Where can you buys these at?

Anybody know where you can buy the high quality blank CDs that brand new music CDs are produced with?

You know, the CDs that Warner Brothers uses, or that Sony Music uses?

I was just curious if these could be had…

Moved to the Blank Media Forum. :slight_smile:

Edit: moved here, rather than the Bargain Basement, because I think a little explanation about certain blank media might come in handy. :wink:

Yeah, I guess I should have looked for the forum for blank media.

Anywho, I was just wondering if the top quality media that new music CDs come on can be purchased somewhere.

Of course, it may be more expensive and not worth the extra money, but I was just curious.

Yep…curiosity killed the cat, and I was a suspect there for a while! :bigsmile:

The most common CD-Rs used for mastering are made by Taiyo Yuden (Japan).

There are available at Japanese stores like Akibang, for example. And Akibang possibly also ships overseas.
Some Korean shops have them too.

Just checking:

You do realize that commercial music CDs are not recordable CDs, right?

These CDs are pressed - not “burned” - and you can’t buy “blank” CDs of this kind, because by nature there are no blank pressed discs.

Wikipedia: CD Manufacturing

No, I did not know that commercial CDs were “pressed”.
How much does that equipment cost?

You’re bound to be able to buy these CDs, otherwise how would the commercial manufacturers get them?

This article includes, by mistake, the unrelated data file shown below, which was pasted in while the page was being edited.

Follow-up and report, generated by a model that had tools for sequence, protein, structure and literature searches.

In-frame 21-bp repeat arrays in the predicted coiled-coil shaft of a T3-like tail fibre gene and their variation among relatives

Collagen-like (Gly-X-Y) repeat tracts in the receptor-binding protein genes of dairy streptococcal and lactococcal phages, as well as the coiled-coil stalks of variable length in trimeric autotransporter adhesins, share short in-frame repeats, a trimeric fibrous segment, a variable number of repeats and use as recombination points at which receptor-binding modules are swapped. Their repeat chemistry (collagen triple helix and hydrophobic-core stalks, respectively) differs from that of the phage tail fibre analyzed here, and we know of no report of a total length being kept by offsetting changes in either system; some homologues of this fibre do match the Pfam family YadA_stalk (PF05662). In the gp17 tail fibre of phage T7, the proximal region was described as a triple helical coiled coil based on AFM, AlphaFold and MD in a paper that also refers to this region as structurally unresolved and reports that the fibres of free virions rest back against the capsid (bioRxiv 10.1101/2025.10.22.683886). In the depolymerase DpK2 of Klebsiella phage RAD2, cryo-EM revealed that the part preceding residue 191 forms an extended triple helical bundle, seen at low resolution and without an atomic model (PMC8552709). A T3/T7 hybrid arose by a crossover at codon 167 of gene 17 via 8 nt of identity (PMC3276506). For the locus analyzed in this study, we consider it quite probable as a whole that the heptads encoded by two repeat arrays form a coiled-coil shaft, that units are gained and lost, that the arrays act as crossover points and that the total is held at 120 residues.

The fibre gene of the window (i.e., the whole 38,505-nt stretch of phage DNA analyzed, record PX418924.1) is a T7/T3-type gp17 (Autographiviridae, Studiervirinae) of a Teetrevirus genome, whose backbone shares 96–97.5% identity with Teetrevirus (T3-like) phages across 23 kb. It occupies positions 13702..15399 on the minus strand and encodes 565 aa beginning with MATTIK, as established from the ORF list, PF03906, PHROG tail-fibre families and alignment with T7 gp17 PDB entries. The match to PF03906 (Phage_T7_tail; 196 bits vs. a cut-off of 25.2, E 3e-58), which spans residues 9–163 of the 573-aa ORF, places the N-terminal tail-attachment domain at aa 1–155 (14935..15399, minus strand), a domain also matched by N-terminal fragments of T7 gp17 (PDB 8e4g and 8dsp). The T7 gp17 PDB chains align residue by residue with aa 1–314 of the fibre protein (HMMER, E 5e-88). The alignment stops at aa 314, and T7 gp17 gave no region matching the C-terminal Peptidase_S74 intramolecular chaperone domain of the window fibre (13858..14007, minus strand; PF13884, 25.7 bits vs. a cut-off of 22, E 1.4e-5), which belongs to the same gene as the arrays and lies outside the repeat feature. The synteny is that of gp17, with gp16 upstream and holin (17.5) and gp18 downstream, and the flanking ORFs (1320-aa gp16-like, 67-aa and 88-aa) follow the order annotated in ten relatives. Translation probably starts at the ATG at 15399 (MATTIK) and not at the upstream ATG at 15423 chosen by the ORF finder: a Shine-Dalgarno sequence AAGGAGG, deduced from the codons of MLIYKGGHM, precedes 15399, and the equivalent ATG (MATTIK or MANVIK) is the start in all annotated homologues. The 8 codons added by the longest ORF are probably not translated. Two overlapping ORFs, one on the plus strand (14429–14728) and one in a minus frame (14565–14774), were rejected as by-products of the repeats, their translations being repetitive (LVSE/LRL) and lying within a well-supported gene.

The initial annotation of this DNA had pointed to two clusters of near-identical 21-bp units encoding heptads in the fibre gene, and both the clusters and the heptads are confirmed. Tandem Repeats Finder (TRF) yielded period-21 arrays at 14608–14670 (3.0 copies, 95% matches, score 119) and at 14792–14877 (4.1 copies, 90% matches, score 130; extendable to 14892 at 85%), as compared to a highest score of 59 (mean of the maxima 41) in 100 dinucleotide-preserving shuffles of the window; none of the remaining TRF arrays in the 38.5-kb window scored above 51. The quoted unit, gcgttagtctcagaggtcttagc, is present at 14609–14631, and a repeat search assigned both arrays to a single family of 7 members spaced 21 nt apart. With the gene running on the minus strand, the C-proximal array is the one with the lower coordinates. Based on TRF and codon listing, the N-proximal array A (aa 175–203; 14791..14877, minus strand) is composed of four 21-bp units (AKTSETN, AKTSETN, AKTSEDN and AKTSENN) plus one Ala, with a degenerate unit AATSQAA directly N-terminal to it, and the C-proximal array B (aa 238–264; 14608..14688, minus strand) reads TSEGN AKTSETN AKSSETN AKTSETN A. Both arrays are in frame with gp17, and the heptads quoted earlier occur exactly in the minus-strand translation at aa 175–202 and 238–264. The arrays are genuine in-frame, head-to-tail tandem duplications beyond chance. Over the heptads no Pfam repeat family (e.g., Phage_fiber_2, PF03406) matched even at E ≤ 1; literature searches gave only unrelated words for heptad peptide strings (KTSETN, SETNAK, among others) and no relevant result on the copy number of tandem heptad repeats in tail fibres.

I doubt they make them theirself, as it would be much more cost effective to buy them from a manufacturer of CDs that can make them to meet the standards needed.

It would be cool to be able to “press” CDs in the same way they are done commercially. All other high tech stuff is now being offered to the public, why not this also?

Pressing equipment must cost tens, if not hundreds of thousands of dollars. This is not the type of equipment that can be used in a home!

And I don’t think you quite understand what pressing CDs involves. Pressed CD manufacturers are basically making CDs “from scratch”, there is no “blank” CD being used. It involves molding the polycarbonate layer, stamping/pressing the track into the polycarbonate, adding the reflective layer, and adding lacquer to the top.

Might be a good industry to setup…bring this kind of technology to the masses!

They’ve done it with almost every type of technology that there is.
I don’t see why this would be any different.

All that needs to be done is build a smaller version of the equipment so the cost can come way down.

Not going to happen. Even if it were technically possible, the demand just isn’t there. IMO pressed CDs don’t have that many advantages over high quality CD-Rs.

That’s what they said about computers, video equipment, etc.

With today’s technology, it’s entirely possible to get the cost of this type of equipment down to a few thousand dollars, if not even cheaper than that.

That puts it within my reach :bigsmile:

But, if this technology doesn’t provide major benefits over high quality CDRs, then I doubt I’d even consider it…so that’s a good point.

They do have one huge advantage.
It’s cool, the surface isn’t colored, and unless the user specifically checks, it seems to be very professional and insider stuff.